The Royal Academy of Engineering ‘This is Engineering Day’ is today November 3rd, which celebrates the work of engineers in the world around us. AML would like to acknowledge this day by welcoming three of our new apprentices and congratulating two past apprentices Dan Lord and Alex Cotton as they embark on their careers at AML.
Here we chat to Dan and Alex to find out more about their apprenticeship journey and what engineering means to them.
Q: Dan and Alex congratulations on completing your apprenticeships. What made you decide to do an apprenticeship with AML?
Dan’ reply – The chance to work for a growing, innovative company and the challenges that come along with manufacturing difficult components were my main reasons for joining AML.
Alex’s reply – For as long as I can remember I have always had a keen interest in engineering and wanted to pursue it as career. Upon leaving school I knew the best route for me would be to do an apprenticeship, but I didn’t know what field of engineering. After visiting AML I was drawn in by the advanced technology they use and the kind of parts they manufacture – especially knowing some were for the aerospace industry. I then visited the AMRC training centre, which is where I undertook my training, again this was a place with the latest machinery and technology, and I knew from then this was the route I wanted to go.
Q: What does your current role involve?
Dan’s reply – I am a Quality Engineer which involves the inspection and monitoring of product quality.
Alex’s reply – Currently I work as a production engineer. This role involves looking at current projects that are running across shop floor and making them at efficient as possible. Whether this is by bringing cycle times down, maintaining conformance of parts, saving materials and many other ways.
Q: How valuable in your opinion is learning on the job and being hands on?
Dan’s reply – I don’t think there is a better way to learn than on the job. The lessons learnt from your own experience, as well as that of your colleagues, is far more valuable than anything taught in a textbook.
Alex’s reply – I have always been practically minded so being in a classroom all the time didn’t suit my style of learning. Being in an apprenticeship gives you the opportunity to learn new skills and techniques whilst being able to put these into practice. For me this is the most valuable way of learning and increases my interest in what is being taught.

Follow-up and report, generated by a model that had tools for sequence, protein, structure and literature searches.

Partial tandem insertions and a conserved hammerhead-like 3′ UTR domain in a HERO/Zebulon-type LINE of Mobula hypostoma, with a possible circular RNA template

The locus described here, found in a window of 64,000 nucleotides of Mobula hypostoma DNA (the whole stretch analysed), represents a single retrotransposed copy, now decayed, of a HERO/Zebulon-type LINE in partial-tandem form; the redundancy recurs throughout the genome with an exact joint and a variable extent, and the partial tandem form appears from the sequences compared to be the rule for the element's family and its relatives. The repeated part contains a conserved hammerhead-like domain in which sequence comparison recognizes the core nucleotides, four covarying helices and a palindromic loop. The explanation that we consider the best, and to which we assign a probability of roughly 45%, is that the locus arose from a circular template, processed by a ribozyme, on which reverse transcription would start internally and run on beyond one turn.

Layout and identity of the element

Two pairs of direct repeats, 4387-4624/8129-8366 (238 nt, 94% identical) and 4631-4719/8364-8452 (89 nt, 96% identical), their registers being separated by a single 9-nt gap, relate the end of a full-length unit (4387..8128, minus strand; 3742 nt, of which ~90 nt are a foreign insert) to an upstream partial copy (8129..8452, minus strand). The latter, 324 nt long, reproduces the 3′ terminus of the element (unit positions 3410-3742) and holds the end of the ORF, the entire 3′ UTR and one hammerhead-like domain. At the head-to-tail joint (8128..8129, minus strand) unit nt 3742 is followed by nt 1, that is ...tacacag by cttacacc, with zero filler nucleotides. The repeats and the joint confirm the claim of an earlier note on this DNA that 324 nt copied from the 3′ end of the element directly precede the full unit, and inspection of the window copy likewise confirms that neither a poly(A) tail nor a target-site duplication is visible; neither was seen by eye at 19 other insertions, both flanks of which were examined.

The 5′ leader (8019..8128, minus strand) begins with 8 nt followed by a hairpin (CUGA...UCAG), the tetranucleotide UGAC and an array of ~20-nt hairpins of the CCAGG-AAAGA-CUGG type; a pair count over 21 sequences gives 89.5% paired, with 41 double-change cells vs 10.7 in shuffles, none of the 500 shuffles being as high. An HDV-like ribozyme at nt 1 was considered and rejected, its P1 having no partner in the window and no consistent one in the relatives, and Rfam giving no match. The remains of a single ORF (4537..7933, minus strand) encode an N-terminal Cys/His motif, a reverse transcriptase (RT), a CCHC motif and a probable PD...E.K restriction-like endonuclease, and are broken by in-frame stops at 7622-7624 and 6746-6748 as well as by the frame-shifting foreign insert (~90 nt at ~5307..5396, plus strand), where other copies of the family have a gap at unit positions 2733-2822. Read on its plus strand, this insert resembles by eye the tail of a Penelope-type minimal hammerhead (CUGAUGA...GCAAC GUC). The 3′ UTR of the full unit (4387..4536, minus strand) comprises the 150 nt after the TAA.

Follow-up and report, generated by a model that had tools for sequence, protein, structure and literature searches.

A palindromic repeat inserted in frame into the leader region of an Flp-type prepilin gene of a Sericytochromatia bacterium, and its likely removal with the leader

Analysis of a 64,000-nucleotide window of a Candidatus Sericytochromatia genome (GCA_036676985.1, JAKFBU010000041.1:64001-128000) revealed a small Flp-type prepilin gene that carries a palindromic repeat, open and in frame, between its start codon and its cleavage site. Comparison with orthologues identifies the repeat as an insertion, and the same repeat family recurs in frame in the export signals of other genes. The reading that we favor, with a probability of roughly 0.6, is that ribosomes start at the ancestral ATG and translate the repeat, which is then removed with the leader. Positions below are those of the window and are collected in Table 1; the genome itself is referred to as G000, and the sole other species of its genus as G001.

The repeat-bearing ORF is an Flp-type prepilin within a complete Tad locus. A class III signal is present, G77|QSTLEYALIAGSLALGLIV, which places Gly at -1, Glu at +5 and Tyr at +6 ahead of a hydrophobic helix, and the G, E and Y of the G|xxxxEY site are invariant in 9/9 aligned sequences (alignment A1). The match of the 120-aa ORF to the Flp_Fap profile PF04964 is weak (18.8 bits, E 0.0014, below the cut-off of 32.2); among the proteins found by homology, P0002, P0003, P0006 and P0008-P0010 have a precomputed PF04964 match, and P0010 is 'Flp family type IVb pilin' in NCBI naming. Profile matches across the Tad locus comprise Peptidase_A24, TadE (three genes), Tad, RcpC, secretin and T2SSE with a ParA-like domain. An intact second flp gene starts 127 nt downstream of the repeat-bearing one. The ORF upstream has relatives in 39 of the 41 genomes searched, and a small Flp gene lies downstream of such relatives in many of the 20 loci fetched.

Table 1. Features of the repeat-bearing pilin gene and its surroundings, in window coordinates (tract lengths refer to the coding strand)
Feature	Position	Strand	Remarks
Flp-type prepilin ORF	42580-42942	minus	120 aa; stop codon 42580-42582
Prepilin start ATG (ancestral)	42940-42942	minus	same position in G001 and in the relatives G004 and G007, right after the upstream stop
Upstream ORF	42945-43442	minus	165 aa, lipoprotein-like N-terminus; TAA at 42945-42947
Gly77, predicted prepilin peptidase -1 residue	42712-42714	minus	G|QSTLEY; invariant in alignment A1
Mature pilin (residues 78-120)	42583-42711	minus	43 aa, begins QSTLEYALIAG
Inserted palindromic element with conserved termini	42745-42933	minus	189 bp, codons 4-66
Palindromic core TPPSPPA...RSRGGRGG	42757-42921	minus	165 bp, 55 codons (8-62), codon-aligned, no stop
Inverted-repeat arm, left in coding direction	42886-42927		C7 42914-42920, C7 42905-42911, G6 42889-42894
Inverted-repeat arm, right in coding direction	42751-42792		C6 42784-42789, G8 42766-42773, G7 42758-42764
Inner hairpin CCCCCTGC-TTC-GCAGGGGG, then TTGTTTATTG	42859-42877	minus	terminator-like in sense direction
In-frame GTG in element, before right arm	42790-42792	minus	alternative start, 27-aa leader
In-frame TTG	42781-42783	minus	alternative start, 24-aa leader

Q: What is your favourite part about working for AML?
Dan’s reply – AML provides the opportunity to work on interesting and varied projects across multiple sectors. The parts produced are often challenging and require you to be continuously learning. There is a great team at AML which makes it an enjoyable place to work.
Alex’s reply – My favourite part about working for AML is that every day is different, which means I am constantly learning. Also, AML has a great team of people which are always willing to help each other out. This makes an enjoyable work environment to be in.
Dr Gareth Morgan, Managing Director at AML Sheffield comments “Our people are our biggest asset. We utilise the very latest technology to manufacture the highest quality precision parts to support the factories of the future. We could not excel at this without continued investment in our people.”
AML was originally a spin-out from the award-winning Advanced Manufacturing Research Centre (AMRC) at the University of Sheffield, so we value highly our close links with the AMRC training centre which assists us in developing new talent and supporting future generations. We are a people focussed advanced manufacturing provider, that wins business by being the earliest adopter of the latest technology. This approach challenges the traditional manufacturing base through the introduction of new techniques and leads to cost saving opportunities for our customers.
This method can create win/win scenarios across all aspects of the high value manufacturing supply chain and AML proudly supports the following 3 specialist sectors: Aerospace, Energy, Defence.
More about ‘This is Engineering Day’
This year, ‘This is Engineering Day’ lands at the start of COP26, the United Nations Climate Change Conference, being hosted by the UK in Glasgow. It is a chance for all UN countries to agree how to tackle climate change and more than 190 world leaders will set goals for 2050. Meeting the COP26 ambition of making the world net zero by 2050 will affect us all. From how we build our homes and cities, how we source energy and how we travel, our future lives will be shaped by engineers and engineering. The Royal Academy of Engineering will be asking ‘What will a net zero world look like in 2050 and how are engineers part of the picture?
3 new AML apprentices pictured with Alex Cotton, Production Manager who joined AML as a graduate